Genetic variations could be linked with meconium ileus in CF patients

University of North Carolina at Chapel Hill researchers working as part of the International Cystic Fibrosis Consortium have discovered several regions of the genome that may predispose cystic fibrosis (CF) patients to develop an intestinal blockage while still in the uterus.

A report of this international study appears online April 1, 2012 in the journal Nature Genetics. It was the work of the North America CF Gene Modifier Consortium, which brought together dozens of investigators from the United States, Canada, and from France, to identify genetic variations that could be linked with meconium ileus (MI), an intestinal obstruction that usually requires emergency surgery for treatment, and can result in a substantially increased rate of serious health problems.

MI affects roughly 15-20 percent of all patients with CF, a genetic condition that causes scarring throughout the body, especially the lungs and pancreas. Though every CF patient carries mutations in both copies of the same gene - coding for a protein called cystic fibrosis transmembrane conductance regulator, or CFTR - symptoms can vary widely from patient to patient.

The genome-wide association study (GWAS) of more than 3,700 CF patients identified non-CFTR genetic variants in the cell membrane that separates the interior of cells from the outside environment. More specifically, the variants involved genes responsible for ion transport in the lower end of the small intestine.

"These variants involve cells in the small intestine that predispose CF patients to develop MI while still in the womb," said one of the senior study authors Michael Knowles, MD, professor of pulmonary and critical care medicine at UNC and a member of UNC's Cystic Fibrosis-Pulmonary Research and Treatment Center.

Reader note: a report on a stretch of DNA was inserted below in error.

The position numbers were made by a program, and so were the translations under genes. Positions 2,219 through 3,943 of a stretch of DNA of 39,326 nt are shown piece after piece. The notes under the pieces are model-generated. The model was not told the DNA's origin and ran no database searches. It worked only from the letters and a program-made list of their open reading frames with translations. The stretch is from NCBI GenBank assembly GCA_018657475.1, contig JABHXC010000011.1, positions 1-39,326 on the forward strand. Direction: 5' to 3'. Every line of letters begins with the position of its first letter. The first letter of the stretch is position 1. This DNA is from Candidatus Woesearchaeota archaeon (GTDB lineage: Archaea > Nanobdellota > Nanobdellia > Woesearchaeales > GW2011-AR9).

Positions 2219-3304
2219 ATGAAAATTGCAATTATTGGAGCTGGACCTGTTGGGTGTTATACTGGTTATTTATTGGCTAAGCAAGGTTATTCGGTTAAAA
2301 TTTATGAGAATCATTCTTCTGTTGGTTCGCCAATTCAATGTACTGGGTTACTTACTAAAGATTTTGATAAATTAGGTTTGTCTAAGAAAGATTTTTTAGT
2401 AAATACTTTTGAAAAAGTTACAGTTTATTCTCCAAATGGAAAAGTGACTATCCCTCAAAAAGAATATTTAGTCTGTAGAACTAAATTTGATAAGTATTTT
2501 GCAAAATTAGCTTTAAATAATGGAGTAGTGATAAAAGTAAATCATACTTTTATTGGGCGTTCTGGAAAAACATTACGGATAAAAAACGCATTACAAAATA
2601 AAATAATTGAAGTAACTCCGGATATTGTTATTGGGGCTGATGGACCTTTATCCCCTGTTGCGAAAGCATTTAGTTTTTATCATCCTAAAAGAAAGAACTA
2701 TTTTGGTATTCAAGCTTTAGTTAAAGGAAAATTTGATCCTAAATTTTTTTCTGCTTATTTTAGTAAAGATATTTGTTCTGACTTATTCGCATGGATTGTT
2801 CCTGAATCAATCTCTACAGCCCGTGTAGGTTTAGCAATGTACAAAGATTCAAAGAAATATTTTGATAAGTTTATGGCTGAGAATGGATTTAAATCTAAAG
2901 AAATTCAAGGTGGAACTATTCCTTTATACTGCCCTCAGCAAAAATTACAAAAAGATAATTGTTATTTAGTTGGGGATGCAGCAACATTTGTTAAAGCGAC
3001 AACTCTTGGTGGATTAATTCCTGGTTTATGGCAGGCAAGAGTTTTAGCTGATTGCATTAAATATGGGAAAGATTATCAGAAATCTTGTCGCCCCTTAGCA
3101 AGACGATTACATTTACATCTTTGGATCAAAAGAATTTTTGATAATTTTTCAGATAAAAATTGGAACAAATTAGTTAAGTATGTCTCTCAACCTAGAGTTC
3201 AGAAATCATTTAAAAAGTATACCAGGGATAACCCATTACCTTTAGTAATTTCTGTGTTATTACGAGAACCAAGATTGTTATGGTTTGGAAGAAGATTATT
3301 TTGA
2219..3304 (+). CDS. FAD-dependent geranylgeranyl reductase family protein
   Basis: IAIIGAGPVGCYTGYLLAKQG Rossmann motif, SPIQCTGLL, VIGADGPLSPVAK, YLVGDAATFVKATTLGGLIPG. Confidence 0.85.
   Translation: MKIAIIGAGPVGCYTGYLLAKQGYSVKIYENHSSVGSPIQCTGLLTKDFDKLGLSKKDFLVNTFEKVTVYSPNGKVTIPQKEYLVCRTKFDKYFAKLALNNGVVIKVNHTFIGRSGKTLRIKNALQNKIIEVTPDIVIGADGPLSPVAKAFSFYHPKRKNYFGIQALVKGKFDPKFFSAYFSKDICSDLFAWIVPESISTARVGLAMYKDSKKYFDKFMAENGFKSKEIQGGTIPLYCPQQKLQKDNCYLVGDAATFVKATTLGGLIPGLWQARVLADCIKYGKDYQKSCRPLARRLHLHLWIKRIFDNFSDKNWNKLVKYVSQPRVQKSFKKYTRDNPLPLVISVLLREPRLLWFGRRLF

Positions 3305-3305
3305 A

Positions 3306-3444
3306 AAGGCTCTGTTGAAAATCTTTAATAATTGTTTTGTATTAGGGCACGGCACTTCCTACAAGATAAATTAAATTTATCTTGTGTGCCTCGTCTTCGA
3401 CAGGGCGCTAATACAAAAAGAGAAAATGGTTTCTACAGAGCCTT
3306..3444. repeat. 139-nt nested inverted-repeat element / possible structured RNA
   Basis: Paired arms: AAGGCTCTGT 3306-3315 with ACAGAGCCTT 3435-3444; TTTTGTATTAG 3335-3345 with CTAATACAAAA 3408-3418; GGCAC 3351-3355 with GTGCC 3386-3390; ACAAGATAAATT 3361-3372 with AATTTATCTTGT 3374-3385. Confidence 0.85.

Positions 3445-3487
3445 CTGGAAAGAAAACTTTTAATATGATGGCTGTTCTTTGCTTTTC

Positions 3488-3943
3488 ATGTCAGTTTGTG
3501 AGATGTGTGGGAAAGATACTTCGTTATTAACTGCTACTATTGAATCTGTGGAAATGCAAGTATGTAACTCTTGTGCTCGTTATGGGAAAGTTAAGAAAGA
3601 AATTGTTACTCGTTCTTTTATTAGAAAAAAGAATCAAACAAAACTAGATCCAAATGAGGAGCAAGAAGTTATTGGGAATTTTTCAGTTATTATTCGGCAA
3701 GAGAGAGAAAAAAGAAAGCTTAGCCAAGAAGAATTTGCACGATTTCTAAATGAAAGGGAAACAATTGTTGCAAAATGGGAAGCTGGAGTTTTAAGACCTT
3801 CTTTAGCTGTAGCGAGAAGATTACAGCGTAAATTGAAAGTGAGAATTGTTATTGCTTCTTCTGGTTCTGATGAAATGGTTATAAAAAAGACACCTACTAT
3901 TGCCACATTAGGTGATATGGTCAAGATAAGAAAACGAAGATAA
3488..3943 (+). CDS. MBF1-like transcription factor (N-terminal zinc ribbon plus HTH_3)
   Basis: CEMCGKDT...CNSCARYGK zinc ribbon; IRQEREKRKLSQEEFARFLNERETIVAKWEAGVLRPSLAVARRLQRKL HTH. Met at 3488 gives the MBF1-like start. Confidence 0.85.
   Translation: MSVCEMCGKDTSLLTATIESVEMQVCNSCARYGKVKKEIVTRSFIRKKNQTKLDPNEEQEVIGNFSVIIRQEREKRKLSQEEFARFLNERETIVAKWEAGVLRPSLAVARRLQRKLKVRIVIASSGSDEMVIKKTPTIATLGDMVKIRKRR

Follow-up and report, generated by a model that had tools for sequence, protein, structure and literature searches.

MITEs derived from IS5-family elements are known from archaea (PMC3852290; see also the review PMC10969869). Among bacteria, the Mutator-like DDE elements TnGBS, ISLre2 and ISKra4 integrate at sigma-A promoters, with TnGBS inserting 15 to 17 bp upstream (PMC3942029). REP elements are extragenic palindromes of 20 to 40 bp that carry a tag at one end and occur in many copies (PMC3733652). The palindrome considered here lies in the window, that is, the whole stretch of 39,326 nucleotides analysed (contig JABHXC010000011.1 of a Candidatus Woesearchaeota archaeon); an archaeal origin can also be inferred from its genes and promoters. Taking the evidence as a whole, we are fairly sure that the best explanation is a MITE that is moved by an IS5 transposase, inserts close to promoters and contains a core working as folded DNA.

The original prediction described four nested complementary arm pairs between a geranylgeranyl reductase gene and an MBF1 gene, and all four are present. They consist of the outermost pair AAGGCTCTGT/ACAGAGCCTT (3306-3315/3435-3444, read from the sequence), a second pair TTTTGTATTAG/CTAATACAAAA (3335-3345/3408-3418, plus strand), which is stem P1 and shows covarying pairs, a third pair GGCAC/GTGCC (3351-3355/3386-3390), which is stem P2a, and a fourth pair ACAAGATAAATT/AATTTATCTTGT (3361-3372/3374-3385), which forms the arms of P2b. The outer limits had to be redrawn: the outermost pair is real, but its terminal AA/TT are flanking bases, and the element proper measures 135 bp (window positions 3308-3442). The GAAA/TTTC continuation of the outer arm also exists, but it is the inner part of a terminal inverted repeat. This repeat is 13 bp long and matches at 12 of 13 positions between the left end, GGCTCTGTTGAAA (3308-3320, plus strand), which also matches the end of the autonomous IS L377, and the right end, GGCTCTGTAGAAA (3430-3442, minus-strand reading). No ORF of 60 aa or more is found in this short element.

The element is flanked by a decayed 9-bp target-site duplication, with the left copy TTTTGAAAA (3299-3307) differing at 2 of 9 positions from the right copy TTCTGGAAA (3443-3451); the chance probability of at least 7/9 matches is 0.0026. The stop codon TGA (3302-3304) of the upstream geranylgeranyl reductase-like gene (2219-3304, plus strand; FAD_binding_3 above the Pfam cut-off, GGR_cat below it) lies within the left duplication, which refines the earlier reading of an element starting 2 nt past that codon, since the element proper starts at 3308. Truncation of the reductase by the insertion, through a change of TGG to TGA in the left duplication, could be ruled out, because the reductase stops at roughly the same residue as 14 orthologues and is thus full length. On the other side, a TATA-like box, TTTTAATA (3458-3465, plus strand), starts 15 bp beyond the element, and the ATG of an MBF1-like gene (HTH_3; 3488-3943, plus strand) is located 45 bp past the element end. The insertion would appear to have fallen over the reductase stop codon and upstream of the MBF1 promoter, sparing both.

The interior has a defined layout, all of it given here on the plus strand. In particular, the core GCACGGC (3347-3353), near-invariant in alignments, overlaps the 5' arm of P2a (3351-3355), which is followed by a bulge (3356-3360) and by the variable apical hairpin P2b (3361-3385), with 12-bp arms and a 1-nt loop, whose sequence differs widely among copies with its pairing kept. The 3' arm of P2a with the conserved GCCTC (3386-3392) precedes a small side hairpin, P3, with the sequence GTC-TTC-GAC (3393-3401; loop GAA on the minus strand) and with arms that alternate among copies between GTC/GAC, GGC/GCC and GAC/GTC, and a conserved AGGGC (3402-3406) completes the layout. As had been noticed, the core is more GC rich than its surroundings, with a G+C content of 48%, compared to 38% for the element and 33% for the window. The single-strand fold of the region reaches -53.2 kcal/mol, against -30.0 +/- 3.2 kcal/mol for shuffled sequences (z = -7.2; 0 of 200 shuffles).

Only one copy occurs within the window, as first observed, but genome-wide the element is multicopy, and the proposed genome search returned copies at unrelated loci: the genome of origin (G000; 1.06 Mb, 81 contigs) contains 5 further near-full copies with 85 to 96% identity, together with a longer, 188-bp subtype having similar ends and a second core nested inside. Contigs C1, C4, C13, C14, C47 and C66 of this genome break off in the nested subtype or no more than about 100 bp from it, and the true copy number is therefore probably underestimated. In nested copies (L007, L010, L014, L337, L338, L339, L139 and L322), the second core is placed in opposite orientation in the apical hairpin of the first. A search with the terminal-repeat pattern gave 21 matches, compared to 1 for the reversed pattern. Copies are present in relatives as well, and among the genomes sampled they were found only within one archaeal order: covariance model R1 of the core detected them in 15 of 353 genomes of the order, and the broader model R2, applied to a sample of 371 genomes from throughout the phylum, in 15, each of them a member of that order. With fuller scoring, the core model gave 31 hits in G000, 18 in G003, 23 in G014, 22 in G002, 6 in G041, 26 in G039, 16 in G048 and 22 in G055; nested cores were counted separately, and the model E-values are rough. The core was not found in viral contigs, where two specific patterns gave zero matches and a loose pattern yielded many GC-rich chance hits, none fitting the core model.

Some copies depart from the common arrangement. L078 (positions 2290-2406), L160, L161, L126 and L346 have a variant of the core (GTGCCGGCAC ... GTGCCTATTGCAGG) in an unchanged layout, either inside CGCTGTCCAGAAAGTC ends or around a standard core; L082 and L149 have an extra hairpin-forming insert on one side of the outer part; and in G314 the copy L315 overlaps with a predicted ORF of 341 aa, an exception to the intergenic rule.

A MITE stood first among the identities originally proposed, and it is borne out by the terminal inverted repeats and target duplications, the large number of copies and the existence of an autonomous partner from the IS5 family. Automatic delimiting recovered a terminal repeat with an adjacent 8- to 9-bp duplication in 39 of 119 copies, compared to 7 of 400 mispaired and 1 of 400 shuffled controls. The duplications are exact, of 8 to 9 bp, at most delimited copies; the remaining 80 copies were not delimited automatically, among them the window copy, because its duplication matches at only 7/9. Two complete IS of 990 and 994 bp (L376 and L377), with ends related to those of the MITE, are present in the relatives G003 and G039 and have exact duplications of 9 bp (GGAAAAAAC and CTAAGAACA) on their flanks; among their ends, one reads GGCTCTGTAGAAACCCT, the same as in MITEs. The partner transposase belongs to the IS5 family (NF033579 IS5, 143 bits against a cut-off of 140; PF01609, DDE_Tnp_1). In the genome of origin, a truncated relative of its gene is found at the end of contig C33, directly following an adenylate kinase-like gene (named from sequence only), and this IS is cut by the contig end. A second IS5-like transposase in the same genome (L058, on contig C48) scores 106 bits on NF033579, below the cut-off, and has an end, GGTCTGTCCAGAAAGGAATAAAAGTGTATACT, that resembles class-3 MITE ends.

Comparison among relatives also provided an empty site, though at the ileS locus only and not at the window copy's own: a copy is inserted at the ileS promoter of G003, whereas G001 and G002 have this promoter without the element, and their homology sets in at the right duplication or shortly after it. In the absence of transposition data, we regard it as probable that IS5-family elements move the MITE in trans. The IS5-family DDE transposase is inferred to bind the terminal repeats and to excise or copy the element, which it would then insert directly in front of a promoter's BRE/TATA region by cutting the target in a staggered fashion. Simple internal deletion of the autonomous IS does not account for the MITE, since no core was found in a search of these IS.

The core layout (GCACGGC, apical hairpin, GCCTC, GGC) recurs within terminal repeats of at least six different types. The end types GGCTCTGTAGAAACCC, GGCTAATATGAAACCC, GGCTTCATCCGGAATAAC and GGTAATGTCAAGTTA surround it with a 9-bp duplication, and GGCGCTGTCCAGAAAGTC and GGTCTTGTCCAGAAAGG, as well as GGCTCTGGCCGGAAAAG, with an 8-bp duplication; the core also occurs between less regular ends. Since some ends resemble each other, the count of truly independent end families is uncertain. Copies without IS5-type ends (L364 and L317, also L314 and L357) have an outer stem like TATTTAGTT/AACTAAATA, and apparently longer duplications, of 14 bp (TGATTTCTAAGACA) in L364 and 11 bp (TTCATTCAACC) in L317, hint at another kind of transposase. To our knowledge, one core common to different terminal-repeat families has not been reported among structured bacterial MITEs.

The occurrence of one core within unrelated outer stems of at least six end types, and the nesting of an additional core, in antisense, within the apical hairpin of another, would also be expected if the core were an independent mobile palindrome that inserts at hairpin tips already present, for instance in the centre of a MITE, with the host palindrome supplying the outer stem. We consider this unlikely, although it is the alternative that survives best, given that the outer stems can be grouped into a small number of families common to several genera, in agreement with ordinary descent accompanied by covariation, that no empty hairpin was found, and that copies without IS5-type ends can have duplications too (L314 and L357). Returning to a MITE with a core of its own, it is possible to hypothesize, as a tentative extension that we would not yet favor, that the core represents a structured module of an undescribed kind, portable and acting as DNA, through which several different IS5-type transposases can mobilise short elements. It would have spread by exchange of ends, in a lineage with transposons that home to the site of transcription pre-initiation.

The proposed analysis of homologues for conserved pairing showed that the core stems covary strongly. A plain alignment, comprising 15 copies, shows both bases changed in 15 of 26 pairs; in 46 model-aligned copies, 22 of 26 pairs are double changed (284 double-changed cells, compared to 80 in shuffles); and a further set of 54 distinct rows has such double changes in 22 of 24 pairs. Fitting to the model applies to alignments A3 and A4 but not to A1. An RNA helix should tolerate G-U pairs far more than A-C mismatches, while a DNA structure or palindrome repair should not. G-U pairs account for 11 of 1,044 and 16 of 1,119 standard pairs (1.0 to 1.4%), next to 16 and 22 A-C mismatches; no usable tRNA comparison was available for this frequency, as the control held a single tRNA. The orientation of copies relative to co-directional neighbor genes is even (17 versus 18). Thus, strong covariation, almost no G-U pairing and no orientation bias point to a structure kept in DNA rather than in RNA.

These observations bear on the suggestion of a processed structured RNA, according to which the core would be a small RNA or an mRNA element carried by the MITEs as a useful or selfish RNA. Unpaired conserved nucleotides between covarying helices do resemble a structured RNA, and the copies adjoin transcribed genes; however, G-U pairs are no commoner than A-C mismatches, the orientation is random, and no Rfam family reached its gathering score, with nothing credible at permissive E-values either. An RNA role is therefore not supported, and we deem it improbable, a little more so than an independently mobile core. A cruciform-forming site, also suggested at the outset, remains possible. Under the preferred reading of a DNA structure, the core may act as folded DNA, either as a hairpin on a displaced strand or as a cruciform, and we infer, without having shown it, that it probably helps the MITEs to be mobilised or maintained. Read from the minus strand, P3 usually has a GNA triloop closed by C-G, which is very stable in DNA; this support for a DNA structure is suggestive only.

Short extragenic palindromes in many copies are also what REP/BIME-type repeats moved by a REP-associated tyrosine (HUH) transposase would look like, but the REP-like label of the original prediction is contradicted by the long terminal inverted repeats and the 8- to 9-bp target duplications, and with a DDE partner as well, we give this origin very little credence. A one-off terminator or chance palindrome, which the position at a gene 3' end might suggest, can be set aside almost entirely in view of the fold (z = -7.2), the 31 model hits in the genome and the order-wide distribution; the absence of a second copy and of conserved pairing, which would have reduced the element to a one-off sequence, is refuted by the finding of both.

"The discovery provides new understanding of the pathogenic mechanisms underlying MI. In addition, it offers the possibility of developing therapies to intervene in utero," Knowles said. "Further, it provides molecular insight into the role of genetic variation in ion transporters in CF, which may be applicable to more commonly, and severely, involved organs such as the lungs."

Comments

The opinions expressed here are the views of the writer and do not necessarily reflect the views and opinions of News Medical.
Post a new comment
Post

While we only use edited and approved content for Azthena answers, it may on occasions provide incorrect responses. Please confirm any data provided with the related suppliers or authors. We do not provide medical advice, if you search for medical information you must always consult a medical professional before acting on any information provided.

Your questions, but not your email details will be shared with OpenAI and retained for 30 days in accordance with their privacy principles.

Please do not ask questions that use sensitive or confidential information.

Read the full Terms & Conditions.

You might also like...
Study finds genetic counseling gaps among breast cancer survivors